SILER CITY, N.C. — Four years ago, Andrew Meeks literally bet the farm on chickens. Now he fears he made a losing bet.
His three massive chicken houses are empty, and a "For Sale" sign has sprouted out front. Meeks, a contract chicken farmer, borrowed nearly half a million dollars to refurbish his 25-acre farm, putting up as collateral his home, the farm and virtually everything else he owns.
But the company that provided his chickens and paid him to raise the birds canceled his contract. Without chickens, he can't earn the money to pay off his loans.
Foreclosure is on the horizon.
"I paid a lot of money for these chicken houses, but they aren't worth a nickel right now. There's no market for the birds," Meeks said, strolling through one of his darkened chicken houses, scattering white feathers and startling a lone chicken.
The worst recession in decades has hammered all types of businesses across the country, farming included. But among the hardest hit are contract chicken farmers in the South and especially in North Carolina, the nation's second-leading poultry producer, where it is a $3.3-billion industry.
Last winter, the economic crisis created "pretty much a catastrophe" for contract farmers, said Dan Campeau, a North Carolina State University poultry specialist and extension agent.
Demand for chicken nose-dived as beleaguered consumers cut back. The industry's two biggest foreign markets, Russia and China, drastically trimmed their orders. Fuel prices surged, driving up the cost of chicken feed as some grain crops were diverted to produce ethanol.
Pilgrim's Pride of Pittsburg, Texas, one of the country's largest chicken companies with $8.5 billion in sales last year, filed for Chapter 11 bankruptcy protection in December. In six central North Carolina counties, 44 farmers lost their contracts, including Meeks.
Together, the 44 farmers owe at least $18 million to banks on investments in their farms, Campeau said. Only four have found contracts with other chicken processors. Two have retired. The rest are searching desperately for a lifeline in a glutted market.
"The industry is swamped with product right now. But these growers [farmers] have big debts and can't wait for the market to turn around," said Bob Ford, executive director of the North Carolina Poultry Federation.
Nationally, 800 to 900 chicken farmers have lost contracts since last fall, almost all of them in the South, said Gary McBryde, an economist with the Department of Agriculture. Chicken production is down 7% since April 2008, the National Chicken Council said.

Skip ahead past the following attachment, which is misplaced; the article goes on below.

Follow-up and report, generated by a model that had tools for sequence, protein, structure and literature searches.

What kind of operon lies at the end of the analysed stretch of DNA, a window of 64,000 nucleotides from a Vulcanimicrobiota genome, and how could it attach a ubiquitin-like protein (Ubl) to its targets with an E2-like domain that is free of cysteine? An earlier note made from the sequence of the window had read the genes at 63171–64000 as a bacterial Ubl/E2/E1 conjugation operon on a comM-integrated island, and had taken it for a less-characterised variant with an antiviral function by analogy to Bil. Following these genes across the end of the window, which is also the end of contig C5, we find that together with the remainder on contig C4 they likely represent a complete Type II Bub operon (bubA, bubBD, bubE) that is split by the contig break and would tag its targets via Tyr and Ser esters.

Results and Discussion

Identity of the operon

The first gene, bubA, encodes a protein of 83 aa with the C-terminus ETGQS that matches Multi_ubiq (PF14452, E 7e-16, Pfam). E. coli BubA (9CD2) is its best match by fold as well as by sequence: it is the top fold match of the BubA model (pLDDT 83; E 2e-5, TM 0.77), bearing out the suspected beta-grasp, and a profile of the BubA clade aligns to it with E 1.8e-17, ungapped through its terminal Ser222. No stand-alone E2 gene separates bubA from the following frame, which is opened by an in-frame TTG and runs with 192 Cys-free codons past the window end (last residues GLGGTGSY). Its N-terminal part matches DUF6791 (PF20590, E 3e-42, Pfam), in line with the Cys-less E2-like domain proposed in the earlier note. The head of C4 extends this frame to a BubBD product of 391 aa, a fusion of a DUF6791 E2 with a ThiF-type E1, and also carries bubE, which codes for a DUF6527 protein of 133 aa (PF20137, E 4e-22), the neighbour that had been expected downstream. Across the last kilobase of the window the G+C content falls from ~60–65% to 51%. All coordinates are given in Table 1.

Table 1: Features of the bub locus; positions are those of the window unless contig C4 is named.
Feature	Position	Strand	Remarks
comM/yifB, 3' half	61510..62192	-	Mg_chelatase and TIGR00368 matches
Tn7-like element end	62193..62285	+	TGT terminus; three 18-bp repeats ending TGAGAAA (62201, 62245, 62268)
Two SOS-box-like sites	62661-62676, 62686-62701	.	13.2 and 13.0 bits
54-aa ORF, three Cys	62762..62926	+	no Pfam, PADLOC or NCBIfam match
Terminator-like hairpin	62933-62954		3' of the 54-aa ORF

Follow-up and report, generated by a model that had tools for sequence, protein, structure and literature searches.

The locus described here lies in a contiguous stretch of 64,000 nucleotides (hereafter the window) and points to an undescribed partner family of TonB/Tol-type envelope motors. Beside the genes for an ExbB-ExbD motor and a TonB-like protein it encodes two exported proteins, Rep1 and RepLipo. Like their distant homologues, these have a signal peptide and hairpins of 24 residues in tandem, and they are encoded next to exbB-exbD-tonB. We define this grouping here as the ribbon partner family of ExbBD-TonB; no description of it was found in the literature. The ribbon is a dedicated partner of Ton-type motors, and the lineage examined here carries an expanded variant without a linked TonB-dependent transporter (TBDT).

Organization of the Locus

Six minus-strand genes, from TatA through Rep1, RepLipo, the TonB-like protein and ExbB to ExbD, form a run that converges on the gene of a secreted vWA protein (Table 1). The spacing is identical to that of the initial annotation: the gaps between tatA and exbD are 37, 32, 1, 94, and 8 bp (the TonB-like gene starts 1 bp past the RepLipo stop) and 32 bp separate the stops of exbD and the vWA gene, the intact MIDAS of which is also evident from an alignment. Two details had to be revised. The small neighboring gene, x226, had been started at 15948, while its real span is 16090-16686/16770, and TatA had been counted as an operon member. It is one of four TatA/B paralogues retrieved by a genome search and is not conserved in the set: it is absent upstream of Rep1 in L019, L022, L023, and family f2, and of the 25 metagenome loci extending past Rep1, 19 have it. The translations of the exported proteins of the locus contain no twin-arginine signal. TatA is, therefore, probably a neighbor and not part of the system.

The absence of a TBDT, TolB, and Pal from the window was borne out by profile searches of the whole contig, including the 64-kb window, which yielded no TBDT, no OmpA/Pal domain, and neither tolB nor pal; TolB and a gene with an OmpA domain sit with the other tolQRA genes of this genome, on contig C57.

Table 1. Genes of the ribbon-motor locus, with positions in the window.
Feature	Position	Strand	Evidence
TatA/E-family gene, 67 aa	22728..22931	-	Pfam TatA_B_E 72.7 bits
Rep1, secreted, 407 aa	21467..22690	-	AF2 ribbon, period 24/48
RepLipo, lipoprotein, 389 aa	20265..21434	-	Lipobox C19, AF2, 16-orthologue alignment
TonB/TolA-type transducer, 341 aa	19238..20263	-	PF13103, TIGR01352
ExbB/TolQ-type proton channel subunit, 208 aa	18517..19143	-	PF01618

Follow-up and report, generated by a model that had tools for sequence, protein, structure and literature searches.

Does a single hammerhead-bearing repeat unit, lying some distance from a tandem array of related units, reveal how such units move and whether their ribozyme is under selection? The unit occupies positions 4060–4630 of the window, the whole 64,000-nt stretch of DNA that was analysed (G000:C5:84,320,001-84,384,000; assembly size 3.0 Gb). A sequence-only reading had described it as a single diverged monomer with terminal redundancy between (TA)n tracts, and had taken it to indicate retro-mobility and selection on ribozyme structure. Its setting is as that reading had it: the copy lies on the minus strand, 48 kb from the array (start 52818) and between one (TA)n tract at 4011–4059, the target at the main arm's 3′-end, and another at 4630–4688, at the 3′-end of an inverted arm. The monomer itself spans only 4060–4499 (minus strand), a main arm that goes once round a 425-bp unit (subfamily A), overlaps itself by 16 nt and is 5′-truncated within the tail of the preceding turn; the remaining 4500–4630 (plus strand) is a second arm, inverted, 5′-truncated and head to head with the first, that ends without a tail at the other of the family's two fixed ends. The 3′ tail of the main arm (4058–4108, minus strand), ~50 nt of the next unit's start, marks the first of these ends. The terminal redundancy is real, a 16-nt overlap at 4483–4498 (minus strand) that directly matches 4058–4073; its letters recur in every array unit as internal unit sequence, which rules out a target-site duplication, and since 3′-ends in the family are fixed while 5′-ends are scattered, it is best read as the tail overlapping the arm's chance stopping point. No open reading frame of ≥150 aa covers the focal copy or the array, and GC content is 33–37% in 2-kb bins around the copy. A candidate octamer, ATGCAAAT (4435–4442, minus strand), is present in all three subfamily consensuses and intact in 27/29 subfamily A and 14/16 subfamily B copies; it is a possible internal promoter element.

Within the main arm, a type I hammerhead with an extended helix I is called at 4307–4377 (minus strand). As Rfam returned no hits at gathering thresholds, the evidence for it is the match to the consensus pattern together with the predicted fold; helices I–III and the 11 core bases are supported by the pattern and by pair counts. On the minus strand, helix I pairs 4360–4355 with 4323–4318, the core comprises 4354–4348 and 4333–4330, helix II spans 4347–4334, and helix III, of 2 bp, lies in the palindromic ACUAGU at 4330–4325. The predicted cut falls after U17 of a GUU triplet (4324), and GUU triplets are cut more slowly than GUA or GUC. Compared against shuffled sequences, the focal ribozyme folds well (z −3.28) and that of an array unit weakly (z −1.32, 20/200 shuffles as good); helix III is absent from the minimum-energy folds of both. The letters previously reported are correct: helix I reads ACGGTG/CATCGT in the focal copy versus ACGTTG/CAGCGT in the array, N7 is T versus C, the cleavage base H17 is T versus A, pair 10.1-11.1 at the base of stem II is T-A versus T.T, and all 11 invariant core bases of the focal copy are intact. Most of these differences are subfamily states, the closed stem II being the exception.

Contract chicken farmers are at the mercy of big chicken processors, known as "integrators," which provide chicks and feed. Contracts require farmers to provide chicken houses, pay to heat and cool them, and maintain water lines and other equipment. Farmers must dispose of chicken waste and dead birds.
The farmers raise the chicks to maturity, then are paid by the pound for the meat. But the integrators own the chickens and decide how many the farmers get. They determine the formulas under which farmers are paid, based on a complicated feed-to-meat ratio.
"We're basically baby-sitters," Meeks said.
Farmers provide half the capital in the industry but earn only 1% to 3% on their investments, versus more than 20% for integrators in boom times, the National Contract Poultry Growers Assn. said.
In good economic times, integrators provide enough chicks for farmers to pay down their loans and turn a profit. But in bad times, contracts can be canceled on short notice, leaving farmers like Meeks stuck with expensive chicken houses and equipment.
In February, Pilgrim's Pride announced that it would shut down three of its 32 processing plants -- in Georgia, Arkansas and Louisiana -- by mid-May. Citing the steepest drop in consumer food purchases in 60 years, the company said it lost $1 billion in fiscal 2008 and $229 million in the first quarter this year.
Ray Atkinson, a Pilgrim's Pride spokesman, called the situation "very difficult and painful."
He said the North Carolina farmers were given ample notice last fall that the company intended to cut off the 44 bottom-performing farmers out of 128 in the region.
But the company had hoped to avoid such cuts. Atkinson said the company kept the farms on last spring when it closed its Siler City processing plant. Rather than terminate farmers supplying that plant, Pilgrim's Pride combined them with farmers supplying a company plant in Sanford, N.C.
Overall, Atkinson said, Pilgrim's Pride has cut off about 300 of its 5,000 contract farmers. About 430 will be affected by the three more plant closings next month.
Meeks said he didn't blame anyone for his troubles. As a farmer and businessman, he knows he is at the mercy of market forces beyond his control.
Because of the recession, "integrators were making money on the margins, but the margins have run out," Meeks said. "That's the chicken business."